Hi. Your website is very useful for people who are worried like me.
I have a question that needs your help. I eat an ice cream in the refrigerator for 2 hours, if the ice cream stick is bloody and I'm injured in my mouth, I'm at risk of hiv exposure.
I took the road and was shot in the face by unknown water. If the liquid is hiv blood or viral fluid, then I have a risk of hiv exposure.
Thank you for your inquiry. From what we gather from the question, you were asking about the risk of acquisition of HIV from exposure to infected water and infected ice cream stick. From the information given, this scenario is determined to be No Risk.
HIV is not transmitted by food. Even if the refrigerated ice cream stick had some dried blood it does not aid in the transmission of HIV, as HIV does not survive long outside the human body (such as on surfaces)  and also the stomach acid would help to destroy the virus. Contaminated water does not serve as a source for HIV transmission, if you take infected blood into the mouth then only you are considered to be at risk. The above scenario does not pose as a risk for HIV transmission.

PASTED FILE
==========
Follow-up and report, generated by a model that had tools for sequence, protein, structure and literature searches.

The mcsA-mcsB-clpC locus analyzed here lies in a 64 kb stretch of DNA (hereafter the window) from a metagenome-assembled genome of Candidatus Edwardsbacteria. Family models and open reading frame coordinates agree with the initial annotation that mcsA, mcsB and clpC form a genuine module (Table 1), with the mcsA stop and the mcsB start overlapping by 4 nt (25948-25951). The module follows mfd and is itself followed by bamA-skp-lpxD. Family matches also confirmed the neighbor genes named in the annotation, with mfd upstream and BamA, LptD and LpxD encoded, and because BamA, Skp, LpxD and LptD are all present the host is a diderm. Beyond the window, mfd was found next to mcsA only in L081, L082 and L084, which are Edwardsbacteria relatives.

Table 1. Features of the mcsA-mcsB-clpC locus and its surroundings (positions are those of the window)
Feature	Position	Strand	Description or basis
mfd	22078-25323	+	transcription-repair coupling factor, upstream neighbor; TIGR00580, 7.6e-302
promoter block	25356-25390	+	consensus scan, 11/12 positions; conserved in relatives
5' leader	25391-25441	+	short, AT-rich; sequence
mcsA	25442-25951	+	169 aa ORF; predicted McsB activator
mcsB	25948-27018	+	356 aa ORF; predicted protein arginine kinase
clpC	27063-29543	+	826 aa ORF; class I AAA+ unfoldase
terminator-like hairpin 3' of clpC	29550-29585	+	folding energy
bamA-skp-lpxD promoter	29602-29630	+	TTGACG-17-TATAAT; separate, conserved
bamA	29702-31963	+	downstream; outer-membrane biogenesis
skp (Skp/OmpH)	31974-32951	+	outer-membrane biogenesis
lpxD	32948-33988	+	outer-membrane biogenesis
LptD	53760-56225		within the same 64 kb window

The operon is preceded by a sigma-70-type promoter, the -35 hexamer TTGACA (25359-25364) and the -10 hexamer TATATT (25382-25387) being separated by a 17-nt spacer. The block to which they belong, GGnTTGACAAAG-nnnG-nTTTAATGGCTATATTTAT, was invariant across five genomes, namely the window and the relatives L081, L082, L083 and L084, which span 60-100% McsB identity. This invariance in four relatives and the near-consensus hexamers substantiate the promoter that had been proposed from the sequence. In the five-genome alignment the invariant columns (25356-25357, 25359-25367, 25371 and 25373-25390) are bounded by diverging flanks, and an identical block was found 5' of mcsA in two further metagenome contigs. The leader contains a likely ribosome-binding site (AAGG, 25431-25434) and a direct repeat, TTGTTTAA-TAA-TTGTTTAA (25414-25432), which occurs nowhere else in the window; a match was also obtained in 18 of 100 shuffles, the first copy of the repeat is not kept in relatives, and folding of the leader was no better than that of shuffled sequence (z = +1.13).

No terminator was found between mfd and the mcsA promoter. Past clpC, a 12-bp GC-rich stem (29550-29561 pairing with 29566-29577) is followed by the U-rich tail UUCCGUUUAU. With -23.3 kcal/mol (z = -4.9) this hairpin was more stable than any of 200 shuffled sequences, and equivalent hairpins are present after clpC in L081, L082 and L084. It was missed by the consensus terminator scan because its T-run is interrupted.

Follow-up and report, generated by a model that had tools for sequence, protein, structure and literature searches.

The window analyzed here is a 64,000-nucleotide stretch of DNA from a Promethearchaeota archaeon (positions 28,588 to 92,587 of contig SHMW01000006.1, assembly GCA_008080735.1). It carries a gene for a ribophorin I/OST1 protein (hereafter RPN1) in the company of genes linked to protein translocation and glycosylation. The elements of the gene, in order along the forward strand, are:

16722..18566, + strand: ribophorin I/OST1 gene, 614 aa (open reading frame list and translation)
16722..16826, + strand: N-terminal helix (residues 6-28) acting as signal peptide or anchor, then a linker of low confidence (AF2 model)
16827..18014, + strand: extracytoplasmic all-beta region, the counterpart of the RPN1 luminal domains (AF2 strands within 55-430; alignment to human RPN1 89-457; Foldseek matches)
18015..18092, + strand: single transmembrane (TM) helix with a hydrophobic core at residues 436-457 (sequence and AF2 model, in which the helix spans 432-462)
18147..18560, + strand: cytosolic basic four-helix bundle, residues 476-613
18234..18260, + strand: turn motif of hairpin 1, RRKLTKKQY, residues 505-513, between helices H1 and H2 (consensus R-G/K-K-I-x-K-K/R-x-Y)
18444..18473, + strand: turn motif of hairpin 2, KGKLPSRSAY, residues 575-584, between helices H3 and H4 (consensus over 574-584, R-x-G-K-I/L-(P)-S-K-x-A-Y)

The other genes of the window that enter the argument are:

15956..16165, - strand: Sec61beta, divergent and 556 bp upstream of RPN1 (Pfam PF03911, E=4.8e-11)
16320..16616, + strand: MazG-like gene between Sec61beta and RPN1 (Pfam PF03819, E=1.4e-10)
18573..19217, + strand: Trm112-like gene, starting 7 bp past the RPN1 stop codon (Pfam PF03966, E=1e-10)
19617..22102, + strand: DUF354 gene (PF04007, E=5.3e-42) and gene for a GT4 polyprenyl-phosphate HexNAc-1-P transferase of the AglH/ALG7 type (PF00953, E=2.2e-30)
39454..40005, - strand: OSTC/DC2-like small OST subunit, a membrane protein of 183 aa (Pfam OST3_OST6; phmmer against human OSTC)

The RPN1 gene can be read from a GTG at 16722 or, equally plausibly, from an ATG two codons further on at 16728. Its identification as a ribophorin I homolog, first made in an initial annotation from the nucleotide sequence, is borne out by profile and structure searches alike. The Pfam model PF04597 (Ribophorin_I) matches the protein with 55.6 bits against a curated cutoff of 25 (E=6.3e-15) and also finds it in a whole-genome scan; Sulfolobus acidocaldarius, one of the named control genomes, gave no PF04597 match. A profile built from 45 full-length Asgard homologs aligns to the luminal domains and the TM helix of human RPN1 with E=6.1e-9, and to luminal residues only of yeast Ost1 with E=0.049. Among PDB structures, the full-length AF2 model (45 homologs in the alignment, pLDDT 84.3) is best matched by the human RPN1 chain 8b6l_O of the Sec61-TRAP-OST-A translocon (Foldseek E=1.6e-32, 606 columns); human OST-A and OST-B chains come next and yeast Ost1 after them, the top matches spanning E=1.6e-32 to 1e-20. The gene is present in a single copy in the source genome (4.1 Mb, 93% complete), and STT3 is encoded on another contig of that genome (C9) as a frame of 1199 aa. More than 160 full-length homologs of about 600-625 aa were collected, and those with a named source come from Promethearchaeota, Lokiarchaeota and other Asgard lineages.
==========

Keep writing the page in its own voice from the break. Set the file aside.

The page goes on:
Only certain body fluids—blood, semen (cum), pre-seminal fluid (pre-cum), rectal fluids, vaginal fluids, and breast milk—from a person who has HIV can transmit HIV. These fluids must come in contact with a mucous membrane or damaged tissue or be directly injected into the bloodstream (from a needle or syringe) for transmission to occur. Mucous membranes are found inside the rectum, vagina, penis, and mouth.
Recommendation: No need for HIV test with the scenario provided, refer to a physician for other health related questions.
AIDS Vancouver Helpline/Online, (Vardah)